Name: Lotus Emotion
Debuted: 1991 North American International Auto Show
Specs: Based on the Esprit, turbocharged 2.2-liter engine with 264 hp and 261 lb-ft, five-speed manual gearbox, rear-wheel drive
Why We Remember It Now:
Not only does it look very modern even by today’s standards, but there’s also an intriguing story behind the concept. Rumor has it Bertone originally created the Emotion as a design proposal for what was to become the epic Bugatti EB110 supercar. However, Bertone was turned down in favor of Marcello Gandini who was selected as the man in charge of drawing the Veyron’s predecessor. Having been refused by Bugatti, Bertone then slapped on some Lotus badges on the concept in a far-fetched attempt to convince the execs from Lotus Cars to use it as foundation for a new Esprit. Once again, it didn’t make the cut.
Although it was designed to accommodate the hardware of the Esprit, in reality the Lotus Emotion was not a functional concept. In theory, the RWD coupe would have been able to reach 62 mph (100 kph) in five seconds and top out at 170 mph (273 kph). These estimations were made back in the day based on the Esprit SE’s turbocharged 2.2-liter, four-cylinder engine delivering 264 hp (197 kW) and 261 lb-ft (354 Nm).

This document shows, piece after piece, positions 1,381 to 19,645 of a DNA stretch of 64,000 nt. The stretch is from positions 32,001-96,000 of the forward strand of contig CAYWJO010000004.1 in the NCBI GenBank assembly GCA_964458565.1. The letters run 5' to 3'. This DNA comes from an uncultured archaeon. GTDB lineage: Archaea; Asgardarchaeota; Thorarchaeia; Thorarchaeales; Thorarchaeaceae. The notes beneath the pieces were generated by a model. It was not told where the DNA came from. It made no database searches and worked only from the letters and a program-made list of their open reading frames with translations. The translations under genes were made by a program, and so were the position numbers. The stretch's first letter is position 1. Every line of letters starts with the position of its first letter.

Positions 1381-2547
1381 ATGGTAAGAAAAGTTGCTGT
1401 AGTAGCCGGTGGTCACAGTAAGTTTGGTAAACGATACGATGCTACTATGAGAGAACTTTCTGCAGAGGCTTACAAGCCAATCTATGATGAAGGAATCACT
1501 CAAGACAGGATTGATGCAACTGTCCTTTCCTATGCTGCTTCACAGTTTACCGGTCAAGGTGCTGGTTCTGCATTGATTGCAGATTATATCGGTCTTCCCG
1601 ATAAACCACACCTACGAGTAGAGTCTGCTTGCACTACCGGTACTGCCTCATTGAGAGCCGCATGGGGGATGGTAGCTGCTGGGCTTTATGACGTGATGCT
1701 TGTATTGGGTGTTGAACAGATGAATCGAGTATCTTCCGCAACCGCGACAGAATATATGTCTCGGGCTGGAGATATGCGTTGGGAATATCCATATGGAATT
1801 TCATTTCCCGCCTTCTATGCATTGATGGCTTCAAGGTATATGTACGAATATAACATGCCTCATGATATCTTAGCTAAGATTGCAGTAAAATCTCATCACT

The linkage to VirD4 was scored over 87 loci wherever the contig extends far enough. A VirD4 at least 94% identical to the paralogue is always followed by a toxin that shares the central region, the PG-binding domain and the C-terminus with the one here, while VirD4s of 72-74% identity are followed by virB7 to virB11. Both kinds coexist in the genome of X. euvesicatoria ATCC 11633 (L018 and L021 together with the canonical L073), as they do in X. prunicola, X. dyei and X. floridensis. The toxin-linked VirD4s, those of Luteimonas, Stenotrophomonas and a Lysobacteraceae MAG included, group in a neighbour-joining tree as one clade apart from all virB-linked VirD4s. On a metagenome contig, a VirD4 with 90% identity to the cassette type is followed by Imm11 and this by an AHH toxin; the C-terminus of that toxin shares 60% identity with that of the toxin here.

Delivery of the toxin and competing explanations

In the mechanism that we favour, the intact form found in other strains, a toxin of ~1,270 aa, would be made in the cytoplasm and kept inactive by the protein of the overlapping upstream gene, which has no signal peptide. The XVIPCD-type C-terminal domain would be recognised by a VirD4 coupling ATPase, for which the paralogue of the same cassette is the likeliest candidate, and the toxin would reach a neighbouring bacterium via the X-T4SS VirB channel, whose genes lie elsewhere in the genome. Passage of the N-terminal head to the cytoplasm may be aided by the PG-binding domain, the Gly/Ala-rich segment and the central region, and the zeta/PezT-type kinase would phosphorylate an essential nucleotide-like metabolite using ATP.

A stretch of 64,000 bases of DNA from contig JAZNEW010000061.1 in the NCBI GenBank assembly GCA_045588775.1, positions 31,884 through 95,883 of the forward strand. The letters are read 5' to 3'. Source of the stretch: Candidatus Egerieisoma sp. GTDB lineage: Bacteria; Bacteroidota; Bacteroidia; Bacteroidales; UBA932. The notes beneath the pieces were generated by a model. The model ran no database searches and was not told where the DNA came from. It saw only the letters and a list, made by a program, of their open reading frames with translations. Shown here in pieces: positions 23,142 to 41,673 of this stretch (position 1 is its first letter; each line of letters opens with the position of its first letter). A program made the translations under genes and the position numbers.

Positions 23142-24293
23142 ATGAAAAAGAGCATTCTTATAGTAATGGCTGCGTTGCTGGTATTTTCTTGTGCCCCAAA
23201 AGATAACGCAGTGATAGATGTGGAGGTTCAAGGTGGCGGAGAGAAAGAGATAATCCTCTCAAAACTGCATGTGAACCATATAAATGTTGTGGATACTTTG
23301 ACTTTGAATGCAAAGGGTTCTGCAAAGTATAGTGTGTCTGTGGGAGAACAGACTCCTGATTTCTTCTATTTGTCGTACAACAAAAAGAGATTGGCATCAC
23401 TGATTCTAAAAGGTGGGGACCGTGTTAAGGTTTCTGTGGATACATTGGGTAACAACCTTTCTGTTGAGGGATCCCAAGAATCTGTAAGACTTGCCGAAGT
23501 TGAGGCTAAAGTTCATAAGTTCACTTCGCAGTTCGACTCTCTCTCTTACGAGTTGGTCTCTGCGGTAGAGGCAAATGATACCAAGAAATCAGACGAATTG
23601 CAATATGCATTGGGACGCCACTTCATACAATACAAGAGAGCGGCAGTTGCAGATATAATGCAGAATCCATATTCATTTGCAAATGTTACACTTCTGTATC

At 160 inches (4.06 meters) long and 75 inches (1.9 meters) wide, the Emotion had quite a small body featuring an adjustable rear spoiler. It’s a shame the concept’s design did not evolve to be implemented on a production car since the styling is still up to date even after a quarter of a century.
Facing bankruptcy, Bertone ceased operations in 2015 when the concept was auctioned together with 78 cars that were on display at the company’s official museum. Bidding started at €2 million for all 79 cars, with the Automotoclub Storico Italiano (ASI) making the winning bid at €3,445,182. At the same auction, the Bertone brand was also up for grabs for €3M, but it failed to sell. Earlier this year, the rights to the “Bertone” moniker were sold to an undisclosed buyer for €2.6M (€3.48M after taxes).